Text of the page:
We have a whole week to spend on the coast, and I seriously cannot wait. We’ve more or less planned out our stops (we’re driving Highway 1 from San Francisco to San Diego), but if you have must-see suggestions, please let me know! I will definitely be going to A Verb for Keeping Warm while we’re in San Francisco, so I’ll have a full report of that and the rest of the trip when I get back. (I’ll probably do a little Instagramming, if you want to keep up with me over there.)

Such a summery colourway.

Such a summery colourway.

And, who knows, maybe I’ll have some finished socks too. I’m bringing the Skyp socks along, because as great as Betula is, when it’s my turn in the passenger seat I’m going to want a knit that doesn’t require me to look at my hands, and the Skyps are it! I hope you all have a wonderful week — I’ll tell you all about mine once I’m home again.

Spoiled

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There is no doubt that this is shaping up to be an excellent summer. Just a few days after our camping trip I was headed back up to the shores of Lake Huron (though not so far north as Georgian Bay) for a cottage weekend. An old friend of mine is getting married and in lieu of a bar hopping bachelorette we spent a weekend away (and on the beach). The weather was perfect, and the water is warm enough for swimming, and it was gorgeous.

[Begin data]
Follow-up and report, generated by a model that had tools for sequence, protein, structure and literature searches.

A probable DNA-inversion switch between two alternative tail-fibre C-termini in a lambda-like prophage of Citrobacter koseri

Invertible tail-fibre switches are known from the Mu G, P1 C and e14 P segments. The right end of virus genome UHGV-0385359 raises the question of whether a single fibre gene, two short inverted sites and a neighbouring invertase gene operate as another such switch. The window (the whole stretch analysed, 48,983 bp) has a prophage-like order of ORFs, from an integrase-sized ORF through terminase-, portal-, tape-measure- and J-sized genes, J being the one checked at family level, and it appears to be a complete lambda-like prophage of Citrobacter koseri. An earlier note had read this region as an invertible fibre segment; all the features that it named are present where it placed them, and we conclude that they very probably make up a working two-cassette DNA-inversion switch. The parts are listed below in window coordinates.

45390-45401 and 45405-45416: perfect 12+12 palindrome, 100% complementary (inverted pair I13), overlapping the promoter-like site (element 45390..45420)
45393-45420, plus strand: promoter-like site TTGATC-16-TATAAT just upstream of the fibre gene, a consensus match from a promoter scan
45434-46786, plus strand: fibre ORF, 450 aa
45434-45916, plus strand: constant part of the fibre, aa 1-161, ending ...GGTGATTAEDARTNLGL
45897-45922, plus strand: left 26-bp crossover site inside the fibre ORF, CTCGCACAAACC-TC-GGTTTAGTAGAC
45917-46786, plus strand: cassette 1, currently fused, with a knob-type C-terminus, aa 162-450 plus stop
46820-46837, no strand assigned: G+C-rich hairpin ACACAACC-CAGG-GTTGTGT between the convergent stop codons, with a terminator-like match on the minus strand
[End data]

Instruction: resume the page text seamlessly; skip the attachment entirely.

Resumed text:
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I knit in the car on the way there, which ended up being hilarious in the stop-and-go traffic since a guy in the lane next to us was fascinated by what I was doing. He stared and, when his lane got moving, actually slowed down so we could catch up! He seemed completely entertained by the idea of someone knitting (or, at least the idea of someone his own age knitting). His amusement entertained us as well, which made for a pretty funny drive. I snuck in a little beach knitting too, and my Summer Skyp socks are coming along nicely. I’m staying home this weekend, but I’m looking forward to turning my attention to Halligarth, which is proving to be a very enjoyable knit, especially when accompanied by a podcast or audiobook.